|I'm going to turn on the light, and we'll be two people in a room looking at each other and wondering why on earth we were afraid of the dark. - Gale Wilhelm|
RFE/RL NEWSLINE Vol 1, No. 112, Part I, 8 September 1997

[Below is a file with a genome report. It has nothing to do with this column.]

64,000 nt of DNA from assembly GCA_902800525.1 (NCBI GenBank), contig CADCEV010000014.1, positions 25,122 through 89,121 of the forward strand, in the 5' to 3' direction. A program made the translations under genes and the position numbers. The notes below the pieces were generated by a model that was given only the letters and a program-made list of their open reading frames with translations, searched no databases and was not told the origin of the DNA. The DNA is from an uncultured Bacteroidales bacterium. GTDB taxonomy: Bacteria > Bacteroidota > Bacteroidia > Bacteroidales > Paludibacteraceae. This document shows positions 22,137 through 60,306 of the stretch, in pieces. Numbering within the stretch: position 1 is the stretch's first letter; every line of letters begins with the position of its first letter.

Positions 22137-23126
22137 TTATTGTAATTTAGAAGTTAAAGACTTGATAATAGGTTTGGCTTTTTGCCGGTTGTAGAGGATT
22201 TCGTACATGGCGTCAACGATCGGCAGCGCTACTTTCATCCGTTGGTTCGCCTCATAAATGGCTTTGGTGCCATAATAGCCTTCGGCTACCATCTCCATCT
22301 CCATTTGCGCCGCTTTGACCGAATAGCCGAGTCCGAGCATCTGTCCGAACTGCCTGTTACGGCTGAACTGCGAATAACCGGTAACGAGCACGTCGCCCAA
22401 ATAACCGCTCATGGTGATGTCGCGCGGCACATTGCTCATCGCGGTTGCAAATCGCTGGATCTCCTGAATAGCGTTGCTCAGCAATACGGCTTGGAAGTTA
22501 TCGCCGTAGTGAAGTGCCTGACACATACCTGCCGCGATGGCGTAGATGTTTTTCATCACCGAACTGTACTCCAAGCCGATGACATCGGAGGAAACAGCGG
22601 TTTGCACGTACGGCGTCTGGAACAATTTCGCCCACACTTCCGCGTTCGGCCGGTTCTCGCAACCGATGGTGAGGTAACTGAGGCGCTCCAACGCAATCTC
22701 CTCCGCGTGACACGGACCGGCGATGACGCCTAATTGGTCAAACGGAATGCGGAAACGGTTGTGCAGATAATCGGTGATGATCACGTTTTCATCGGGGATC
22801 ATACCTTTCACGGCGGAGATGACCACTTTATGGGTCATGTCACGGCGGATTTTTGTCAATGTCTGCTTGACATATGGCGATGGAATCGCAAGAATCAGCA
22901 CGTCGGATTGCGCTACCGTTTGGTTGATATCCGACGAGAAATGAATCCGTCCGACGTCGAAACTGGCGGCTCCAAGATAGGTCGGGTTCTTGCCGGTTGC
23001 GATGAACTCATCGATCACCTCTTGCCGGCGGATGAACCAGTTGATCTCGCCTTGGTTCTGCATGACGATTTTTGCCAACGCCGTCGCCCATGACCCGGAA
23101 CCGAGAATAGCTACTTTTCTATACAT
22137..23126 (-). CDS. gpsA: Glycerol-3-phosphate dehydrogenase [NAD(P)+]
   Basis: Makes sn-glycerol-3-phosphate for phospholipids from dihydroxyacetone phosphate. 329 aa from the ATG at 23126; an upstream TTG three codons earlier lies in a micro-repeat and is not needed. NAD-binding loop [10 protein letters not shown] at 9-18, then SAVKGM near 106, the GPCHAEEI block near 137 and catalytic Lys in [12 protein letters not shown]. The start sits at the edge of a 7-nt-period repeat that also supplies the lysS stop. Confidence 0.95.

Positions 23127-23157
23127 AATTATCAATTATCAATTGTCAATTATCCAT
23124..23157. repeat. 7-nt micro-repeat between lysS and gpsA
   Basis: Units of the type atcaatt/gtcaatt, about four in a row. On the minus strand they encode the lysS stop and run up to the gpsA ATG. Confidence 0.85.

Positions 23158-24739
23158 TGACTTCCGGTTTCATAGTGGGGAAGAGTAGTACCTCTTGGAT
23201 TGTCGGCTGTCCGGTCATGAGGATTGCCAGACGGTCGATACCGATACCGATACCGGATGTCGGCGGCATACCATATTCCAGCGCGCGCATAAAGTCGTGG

This is Part I of Radio Free Europe/Radio Liberty's Newsline. Part I is a compilation of news concerning Russia, Transcaucasia and Central Asia. Part II, covering Central, Eastern, and Southeastern Europe, is distributed simultaneously as a second document. Back issues of RFE/RL NewsLine are available through RFE/RL's WWW pages: http://www.rferl.org/newsline/search/ Back issues of the OMRI Daily Digest are available through OMRI's WWW pages: http://www.omri.cz/ Listen to news for 13 countries RFE/RL broadcasts to countries in the Caucasus, Central Asia, Russia and the South Slavic region are online daily at RFE/RL's 24-Hour LIVE Broadcast Studio. http://www.rferl.org/realaudio/index.html xxxxxxxxxxxxxxxxxxxxxxxxxxxxxxxxxxxxxxxxxxxxxxxxxxxxxxxx Headlines, Part I * YELTSIN, LUKASHENKA DISCUSS DETAINED ORT JOURNALIST * NEMTSOV ANNOUNCES PLANS TO SELL ROSNEFT * AZERBAIJAN TO DELAY DECISION ON MAIN EXPORT PIPELINE? End Note : "THE SPIRIT OF VILNIUS" xxxxxxxxxxxxxxxxxxxxxxxxxxxxxxxxxxxxxxxxxxxxxxxxxxxxxxxx RUSSIA YELTSIN, LUKASHENKA DISCUSS DETAINED ORT JOURNALIST. Following talks in Moscow on 6 September, Russian President Boris Yeltsin said he and Belarusian President Alyaksandr Lukashenka agreed to sort out the row over the detention of a Russian Public Television (ORT) journalist in Belarus. "We must resolve this question in order to preserve our relations as allies," Yeltsin said. Belarusian authorities on 4 September released ORT cameraman Dmitry Zavadsky but refused to free his colleague Pavel Sheremet, a Belarusian citizen, saying he had been stripped of his press credentials before he was arrested for illegally entering Belarus in July. Lukashenka told Russia's Mayak Radio after his talks with Yeltsin that the case of Sheremet will be resolved in accordance with Belarusian law. In August, Minsk released all four members of a second ORT news crew that had been detained on the same charges. YELTSIN MEETS OTHER CIS LEADERS. Also on 6 September, Yeltsin met with Kazakh President Nursultan Nazarbayev and Moldovan President Petru Lucinschi, both of whom were in Moscow for the city's 850th anniversary celebrations. Talks with Nazarbayev focused on economic ties, including possible development of Caspian Sea oil reserves, ITAR-TASS reported Topics of discusssion with Lucinschi included peace efforts in Moldova's breakaway Transdniestr region. Yeltsin was originally scheduled to meet with Azerbaijani President Heidar Aliev, but RFE/RL's Baku bureau reported that Aliev canceled his trip to Moscow at the last minute to protest the friendship treaty signed on 29 August between Armenia and Russia. The Azerbaijani Foreign Ministry had sent a note on 4 September to the Russian Ambassador to Azerbaijan, explaining that Baku was concerned with statutes in the treaty calling for closer military cooperation between Moscow and Yerevan, according to ITAR-TASS. DUMA DENOUNCES GROZNY EXECUTIONS... The State Duma on 5 September adopted a resolution denouncing the televised public execution two days earlier of a couple whom an Islamic court had found guilty of murder, Russian news agencies reported. The statement called on federal legislative and executive authorities to take into account that "present Chechen leaders disregard Russian legal norms, bilateral agreements, and the principles of international legislation," Interfax reported. The Chechen government criticized the Duma vote as an attempt to meddle in Chechnya's affairs and accused Russian deputies of hypocrisy. ...AS DO COUNCIL OF EUROPE, RUSSIAN MUFTI. Council of Europe Parliamentary Assembly President Leni Fischer on 5 September similarly condemned the killings, arguing that "for a democracy, such executions are not the way to combat criminality...and organized crime." Sheikh Ravil Gainutdin, a Muslim leader in Russia, expressed concern that the executions may "trigger animosity and even hostility" towards Muslims and " represent Islam in a perverted way," Interfax reported. DUMA CALLS FOR PROBE INTO PRIVATIZATION DEALS. The Duma on 5 September adopted a resolution calling on the Audit chamber to review the recent privatization auctions of Svyazinvest, Norilsk Nickel, and two major oil companies, Sibneft and Tyumenneftegaz, AFP and Russian news agencies reported. The Duma is seeking clarification on three points: how the starting price was established, the legality of the tender procedure, and the transfer of revenue from the sales to the state budget. The resolution was drafted by a communist deputy and two members of the pro-government Our Home Is Russia faction, according to AFP. A document circulated to legislators before the vote noted that only two companies competed for a 38 percent stake in Norilsk Nickel and that both were "set up by the same group which has close financial relations with Oneximbank and MFK [an affiliate of Oneximbank]." NEMTSOV ANNOUNCES PLANS TO SELL ROSNEFT. First Deputy Prime Minister Boris Nemtsov on 5 September announced that Russia will sell 96 percent of the state-owned oil giant Rosneft, Reuters reported. No terms or dates have been set for the sale, from which the government hopes to raise more than $1 billion. One issue that must be resolved before Rosneft can be sold is the ownership of Purneftegaz, awarded to Rosneft by the government but also claimed by the SIDANKO group, controlled by Uneximbank. Nemtsov said the issue will be resolved by the time of the first Rosneft sale. RUSSIAN-CHECHEN OIL TRANSIT TALKS AGAIN POSTPONED. Also on 5 September, Nemtsov said that Russia is prepared to sign an agreement with Chechnya on repairing the Chechen sector of the Baku-Grozny-Tikhoretsk pipeline immediately, Russian agencies reported. He said that if a simultaneous agreement is not signed on conditions and tariffs for the export of Azerbaijan's Caspian oil, talks on such an accord could be continued while repairs to the pipeline are being carried out. Khozh-Akhmed Yarikhanov, president of the Chechen state oil company, said that the resumption of talks had been postponed until 8 September. Meanwhile, maverick field commander Salman Raduev told a 5 September news conference in Grozny that Chechen radicals will prevent the commissioning of the pipeline before Russia officially recognizes Chechnya as an independent state, according to Interfax. LUKOIL TO EXPAND TO U.S. MARKET. Russia's biggest oil company on 5 September announced that output increased in the first half of 1997, Western news agencies reported. LUKoil President Vagit Alekperov predicted production this year will grow by 2 million tons over the 1996 level of 58.5 million tons He said that pre-tax profits rose, but in ruble terms only, while net profits fell slightly. LUKoil plans to invest $240 million over the next three years to build a network of some 2,000 service stations in the U.S. by 2003, Alekperov said. Its Texas affiliate Nexus Fuels, in which LUKoil has a 50 percent stake, says it has access to 5,000 sites near U.S. supermarkets. The first 25-30 stations should open by the end of this year, according to Alekperov. AIR FRANCE, AEROFLOT FORM "HISTORIC ALLIANCE." Aeroflot and Air France on 5 September announced the creation of what both called a "historic" alliance that envisions coordinating passenger service and expanding both airlines' markets, ITAR-TASS and AFP reported. The agreement was signed in Moscow by Air France managing director Marc Vernon and his Aeroflot counterpart, Valerii Okulov. Aeroflot intends to extend its reach into France, Africa, the Caribbean basin, and Latin America, Okulov said. Vernon said the move will enable Air France to extend its network in Russia and across the CIS. Current levels of service on Aeroflot internal flights will be raised "to bring them up to international level," Okulov added. OUR HOME IS RUSSIA ACCUSES DUMA COUNCIL OF VIOLATING PROCEDURAL RULES. Aleksandr Shokhin, the leader of the Our Home Is Russia (NDR) faction, told RFE/RL that the decision to vote on his dismissal as Duma deputy speaker was a "personal decision" by Duma Speaker Gennadii Seleznev. Shokhin had submitted his resignation (see "RFE/RL Newsline," 5 September 1997); however later the same day, the Duma voted 232 to 150 to dismiss Shokhin as deputy speaker. Shokhin said his faction had proposed to vote on 10 September and that Seleznev feared the NDR would submit the issue for discussion "in the same package" with discussion on releasing another NDR member, Gen. Lev Rokhlin, from his post of chairman of the Duma Defense Committee. Shokin said Seleznev and communist faction leader Gennadii Zyuganov have confirmed that the new deputy speaker will be an NDR member. ROKHLIN SAYS YELTSIN MUST GO. Meanwhile, Rokhlin has said the only way to end Russia's military decline is to unseat Yeltsin, Interfax-Eurasia reported on 5 September. Rokhlin told reporters in Kazan that Russia will have no nuclear deterrence by 2060 and that China could pose a threat since its "national interests encompasses Russian territory up to the Urals." Rokhlin said he planned to bring together all opposition forces--ranging from the Communist Party, the People's Patriotic Union, and the ultra-nationalist Liberal Democratic Party--into his new political group, For Salvation of the Army, in a bid to unseat Yeltsin. Rokhlin created a stir in June when he said the armed forces were on the verge of mutiny. The pro- government Our House Is Russia (NDR) distanced itself from his remarks but postponed a decision whether to expel him until after the Duma's summer recess. LUZHKOV WRAPS UP MOSCOW ANNIVERSARY CELEBRATIONS. In a closing speech at the refurbished Luzhniki stadium, Moscow Mayor Yurii Luzhkov declared Moscow's aim to lead Russia to "achieve the greatness and the power that we have the right to declare to the whole world." Luzhkov also denied he was seeking the Russian presidency in 2000, although observers said the mayor would use the spotlight on revitalized Moscow to promote his own presidential bid. On each of the three days of the celebrations, millions of people flocked to the city. On 5 September, a Human Rights Watch report criticized Moscow's continued use of the "propiska," a Soviet-era registration without which no one can live legally in the city, the "Financial Times" reported on 7 September. DELAY IN FINDING LOST RADIOACTIVE CONTAINER. Bad weather has brought a halt to efforts by three ships from the Pacific Fleet to locate a container of strontium-90 that fell from a helicopter into the ocean north of Sakhalin Island in mid-August (see "RFE/RL Newsline," 13 August 1997), ITAR-TASS reported on 8 September. Nikolai Smirnov, the head of Sakhalin's Civil Defense and Emergency Situation's headquarters, repeated assurances that the container poses no threat to the environment. "MIR" UPDATE. Russian cosmonaut Anatolii Sovolev and U.S. astronaut Michael Foale left the space station "Mir' early on 6 September and spent nearly six hours searching for damage and carrying out repairs. They realigned two of the four solar batteries with the sun but were unable to locate punctures in the "spektr" modules. With the realignment of the two panels, power is expected to reach 90 percent soon. The next space walk to find punctures in the modules will not be made until after 4 October, however. Russian mission control reported on 8 September that "Mir's" main computer had failed again. TRANSCAUCASUS AND CENTRAL ASIA AZERBAIJAN TO DELAY DECISION ON MAIN EXPORT PIPELINE? President Heidar Aliev has created a working group to assess the relative merits of alternative routes for the main export pipeline for Azerbaijan's Caspian oil, Turan reported on 6 September. The group -- which includes a deputy premier, the president and vice president of the state oil company SOCAR, and three top officials of the Azerbaijan International Operating Company -- is to hold talks in Turkey, Russia, and Georgia and to present its recommendations within the next two years. The AIOC was originally scheduled to decide on the route for the main export pipeline this year but announced in June that the decision would be postponed until October 1998. Meanwhile, Turkish Foreign Minister Ismail Cem arrived in Baku on 7 September to discuss "all bilateral issues," including the Baku-Ceyhan pipeline route for which Turkey is lobbying, the "Turkish Daily News" reported. OPPOSITION DEPUTY DETAINED IN NAKHICHEVAN. Mirmahmud Fattaev, the deputy chairman of the opposition Azerbaijan Popular Front, and three other people were detained by police at Nakhichevan airport on 6 September, Turan reported. The four men, who intended to travel to the village of Keleki to visit former President Abulfaz Elchibey, were accused of "violating the passport regime" and ordered to return to Baku. WORLD BANK GRANTS LOANS TO GEORGIA. The World Bank's International Development Association (IDA) has approved two loans totaling $65 million to Georgia to help consolidate progress toward stabilizing the economy and to push ahead on key reforms, an RFE/RL correspondent in Washington reported on 5 September. The larger, $60 million loan will be used to help the Georgian government improve tax collections, restructure its public spending, accelerate privatization, improve financial discipline in the energy sector, and restructure the banking sector, among others. The IDA says the credit will also be used to help Georgia improve the targeting of social benefits, including introducing private pensions and reforming health care. The second loan, worth $5 million, is to finance structural reforms, including in the judiciary and social assistance sector. GEORGIAN STATE TREASURY ROBBED. Thieves recently broke into the national treasury and stole 160 kilos of gold ingots, the Caucasian Institute for Peace, Democracy and Development reported on 5 September, citing "Kavkasioni." The newspaper said that Minister of State Niko Lekishvili accused the treasury administration of failing to take adequate security measures. but "Nezavisimaya gazeta" on 6 September reported that officials have declined to comment on the incident. SUPPORT GROWS IN ARMENIA FOR JOINING RUSSIA-BELARUS UNION. Aghasi Arshakyan, one of the leaders of the left-wing Armenian People's Initiative (HZhN), told reporters on 5 September that the group has collected more than 1 million signatures in support of Armenia joining the Russia-Belarus union, RFE/RL's Yerevan bureau reported. Arshakyan said that joining a "new union" of former Soviet republics will promote "very rapid economic growth" in Armenia and thus help the country overcome its economic crisis. He said some 100,000 Armenian nationals currently residing in Russia also support the union. Telman Gdlyan, a prominent Russian politician of Armenian origin, predicted that other unspecified former Soviet republics will follow Armenia's example. The Communist Party of Armenia likewise claims to have collected 800,000 signatures in support of Armenia's joining the Russia- Belarus union. It will raise the issue at the fall session of the Armenian parliament. BOMB GOES OFF IN DUSHANBE. A bomb exploded in a Dushanbe hotel early on 6 September, according to RFE/RL correspondents The bomb had been placed in a refrigerator in the dining hall of the Hotel Vakhsh, where fighters of the United Tajik Opposition (UTO) and their leader, Said Abdullo Nuri, are scheduled to stay. The hotel is guarded by "bodyguards" from the UTO and government troops. So far, no one has been detained in connection with the bombing. Nuri, who was due in the Tajik capital on 8 September to participate in Independence Day celebrations the next day, has now postponed his arrival. The delay is due to a government request to limit the number of the UTO delegation. ITAR-TASS on 8 September noted that the government list of UTO delegates coming to Dushanbe does not include UTO deputy leader Ali Akbar Turajonzoda. BORDER GUARD HEADS MEET IN KYRGYZSTAN. Heads of border guards from the CIS countries, excluding Azerbaijan and Moldova, met in Kyrgyzstan on 5-6 September for the 26th session of border guard commanders, ITAR-TASS reported. The commanders reviewed 33 documents, including those on exchanges of information between CIS border guards and on customs procedures within the CIS and along the borders with other countries. Addressing the session, Kyrgyz President Askar Akayev called the guards "one of the more effective structures" within the CIS. END NOTE "THE SPIRIT OF VILNIUS" by Paul Goble For the first time, the countries between the Baltic and the Black Seas have found a common voice, one that will help them to integrate into the West, even as they smooth their relations with one another and with Moscow. At a meeting in Vilnius on 5 and 6 September, the presidents of 10 countries in the region sharply criticized the retreat from democratic reforms in Belarus. They stressed they want to work with both Russia and the West. And they committed themselves to broader regional cooperation. As a result, a summit originally convened to help overcome bilateral conflicts among those states was transformed into something much bigger. That development would appear to justify the claims of some of the leaders present that they will be guided by the "spirit of Vilnius" in the future. The meeting, organized by the leaders of Poland and Lithuania, attracted the presidents of Belarus, Bulgaria, Estonia, Hungary, Latvia, Moldova, Romania, and Ukraine, as well as the prime minister of the Russian Federation. The outcome of the meeting was defined less by the individual positions that each of those leaders took than by the collective spirit they displayed on three key issues. First, virtually all the presidents were sharply critical of the increasingly anti-democratic behavior of one of their numbers, Belarusian President Alyaksandr Lukashenka. Their outspokenness violated the usual diplomatic niceties of such sessions and indicated that the countries of the region are at least prepared to take a hard line against those who retreat from democracy and a free market economy. It also largely dispelled the fears of those who had thought Lukashenka might be able to exploit the Vilnius summit to escape his regime's current isolation on the international scene. Instead, the Vilnius meeting underlined Lukashenka's isolation from his own people, from neighboring states, and from both Moscow and the West. Not only did the leaders of the other countries speak out, but representatives of Belarusian society directly challenged Lukashenka's claims. Second, the 10 presidents indicated they want to cooperate with both East and West rather than being forced to choose between one or the other. Part of the reasoning behind that position was clearly tactical. Several leaders said they are interested in improved relations with Russia in order to improve their standing with Western governments that have made good relations with Moscow a virtual requirement for inclusion in Western institutions. But at the Vilnius meeting, there were also strategic considerations. The Baltic presidents, for example, did not react as sharply as they have in the past to Russian Prime Minister Viktor Chernomyrdin's latest elaboration of Russian suggestions that the three rely on Moscow rather than NATO. Each calmly reiterated the desire of his country to join the Western alliance, but each equally calmly said that his country did not want involvement with the West to preclude good relations with Moscow. This approach led to a remarkable breakthrough. Following bilateral meetings with the Russian premier, each of the Baltic presidents was able to announce that he would soon be signing a border agreement with the Russian Federation, thus laying to rest a long-standing sore point in relations with Moscow. Third, the 10 presidents asserted that they want to work together precisely so that they can take responsibility for themselves rather than waiting for one or the other outside power to decide their fate, as has happened so often in the past. Two countries -- Poland and Ukraine -- offered to host a follow-up regional summit in 1999. And the representatives of several other presidents indicated they were interested in much closer consultations across the region. In the past, efforts to promote such cooperation have foundered on tensions among those countries and on the fears in both Moscow and the West that such arrangements might become a barrier to the inclusion of Russia into European institutions. But precisely because the Vilnius summit was called to avoid setting up such a barrier, this latest drive toward cooperation among the countries of the region may be more successful than its predecessors before World War Two and in the early 1990s. It has already attracted less opposition and more support from outside. Not only did Moscow not denounce it, but U.S. President Bill Clinton said it could play a useful role in "erasing the old dividing lines in Europe." To the extent that the countries of the region continue to act as they did in the Lithuanian capital, the "spirit of Vilnius" may prove a turning point not only for them but for Europe as a whole. xxxxxxxxxxxxxxxxxxxxxxxxxxxxxxxxxxxxxxxxxxxxxxxxxxxxxxxx Copyright (c) 1997 RFE/RL, Inc. 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